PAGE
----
Once you’ve boarded, moving the X2 backwards, forwards, left and right was no problem. It is simply a matter of tilting your weight, allowing the gyroscopes to compensate for your weight, and moving you the way you lean.

The included remote also makes things a little easier. Its battery meter lets you view your power status, lets you switch between the speed settings and also acts as a security device. Much like you need your keys to start your car, you need the remote to start the Segway. The remote also needs to be in close proximity to operate the X2. Once it is out of range, the unit will shut down.

3 Does it deliver on its promise?

Unlike the i2, the X2 is more of a rugged machine, meaning that you can go places you wouldn’t normally take the i2 with its standard ‚street-like’ tyres. The entire unit sits a little higher off the ground and its off-road tyres mean that you should be able to traverse most obstacles. However, I found that the X2 did deliver a little short here.

Many off-road vehicles today have suped up suspension, and different axels to cater for the dongas and potholes you may experience along your route. But the X2 has none. There is no suspension. In fact, the only shock absorbers you can expect from the X2 are from its large tyres. Often, when driving over uneven terrain, I found one wheel lifting off the ground, meaning that the other wheel turns in the opposite direction, throwing me off balance. Luckily this was at low speeds, so I was able to correct myself before face-planting myself in the dirt.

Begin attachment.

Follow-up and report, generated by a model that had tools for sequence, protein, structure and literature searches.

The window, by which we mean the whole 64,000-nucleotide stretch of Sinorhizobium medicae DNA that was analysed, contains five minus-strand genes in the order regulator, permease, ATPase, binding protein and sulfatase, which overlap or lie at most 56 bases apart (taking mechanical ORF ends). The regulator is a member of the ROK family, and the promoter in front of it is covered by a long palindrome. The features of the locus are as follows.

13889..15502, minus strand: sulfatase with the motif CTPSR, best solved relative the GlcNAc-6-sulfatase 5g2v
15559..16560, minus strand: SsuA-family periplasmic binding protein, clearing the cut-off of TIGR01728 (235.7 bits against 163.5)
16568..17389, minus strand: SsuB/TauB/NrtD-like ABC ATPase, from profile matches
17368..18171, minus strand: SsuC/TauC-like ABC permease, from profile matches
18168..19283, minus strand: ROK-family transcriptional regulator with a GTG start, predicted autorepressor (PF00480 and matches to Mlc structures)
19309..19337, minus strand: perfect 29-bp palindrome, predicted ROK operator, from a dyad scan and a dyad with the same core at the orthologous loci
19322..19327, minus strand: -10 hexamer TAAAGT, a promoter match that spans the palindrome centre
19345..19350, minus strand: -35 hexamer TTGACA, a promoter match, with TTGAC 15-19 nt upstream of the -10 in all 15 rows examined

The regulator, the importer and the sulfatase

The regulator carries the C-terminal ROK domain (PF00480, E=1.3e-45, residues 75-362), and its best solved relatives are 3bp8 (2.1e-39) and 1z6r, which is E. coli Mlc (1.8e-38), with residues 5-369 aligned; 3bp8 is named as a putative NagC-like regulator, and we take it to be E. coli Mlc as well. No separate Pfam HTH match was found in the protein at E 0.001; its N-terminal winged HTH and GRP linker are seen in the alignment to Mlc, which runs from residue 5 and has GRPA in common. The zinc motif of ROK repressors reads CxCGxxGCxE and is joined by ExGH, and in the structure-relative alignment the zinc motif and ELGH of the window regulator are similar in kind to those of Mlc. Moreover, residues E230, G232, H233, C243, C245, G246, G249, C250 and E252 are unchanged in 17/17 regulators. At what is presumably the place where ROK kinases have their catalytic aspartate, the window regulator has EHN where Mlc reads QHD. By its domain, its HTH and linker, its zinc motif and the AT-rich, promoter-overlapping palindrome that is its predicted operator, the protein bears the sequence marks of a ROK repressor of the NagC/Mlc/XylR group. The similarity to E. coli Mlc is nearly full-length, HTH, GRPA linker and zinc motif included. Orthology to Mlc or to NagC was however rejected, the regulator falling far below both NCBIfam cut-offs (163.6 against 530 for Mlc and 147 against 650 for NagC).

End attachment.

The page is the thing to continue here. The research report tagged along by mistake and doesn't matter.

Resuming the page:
4 Is it innovative?

I have been told there are ‚cheap‚ rip-offs of the Segway, some employing three wheels instead of two. But the fact that the Segway keeps you upright on only two wheels through a complex system of electronics, gyroscopes and motors is enough for me to flag it as innovative.

The simple idea that a device that would normally fall over it is able to keep itself upright on a flat surface without rolling away is mind blowing.

5 Is it value for money?

R68 000 for a gadget that will offer you nothing more than some fun is a little bit of overkill. You can use it to scoot down to the nearest shops but, as I learned the hard way, you are not allowed to take it into any shopping centre. Furthermore, its bulkiness and sheer weight means it’s not something you can chuck into the back of your boot when you go on holiday.

But, the Segway does serve a purpose. It is a great alternative to those noisy quad bikes you see security guards using, it is great for moving around a warehouse where you have just about enough space to swing a cat and, best of all, it makes for great team-building exercises. Your employees will love you for letting them race each other on a controlled circuit. It sure beats go-carting ‚ just make sure you save the drinks for afterwards.

In conclusion

If you are flush with money and are looking for a new toy, the X2 will give you endless fun. If you are feeling the pinch, a bicycle should do.

On the serious side, if you have security guards who need to roam shopping centres or parking lots, renting a few Segways will be the way to go. Their unobtrusive nature will guarantee you won’t upset the tenants.

¬∑ For more information on renting Segways for company team building events, visit Segway’s website at www.segway.co.za

– Click here to read the review on the Segway i2.

– Follow Sean on Twitter on @seanbacher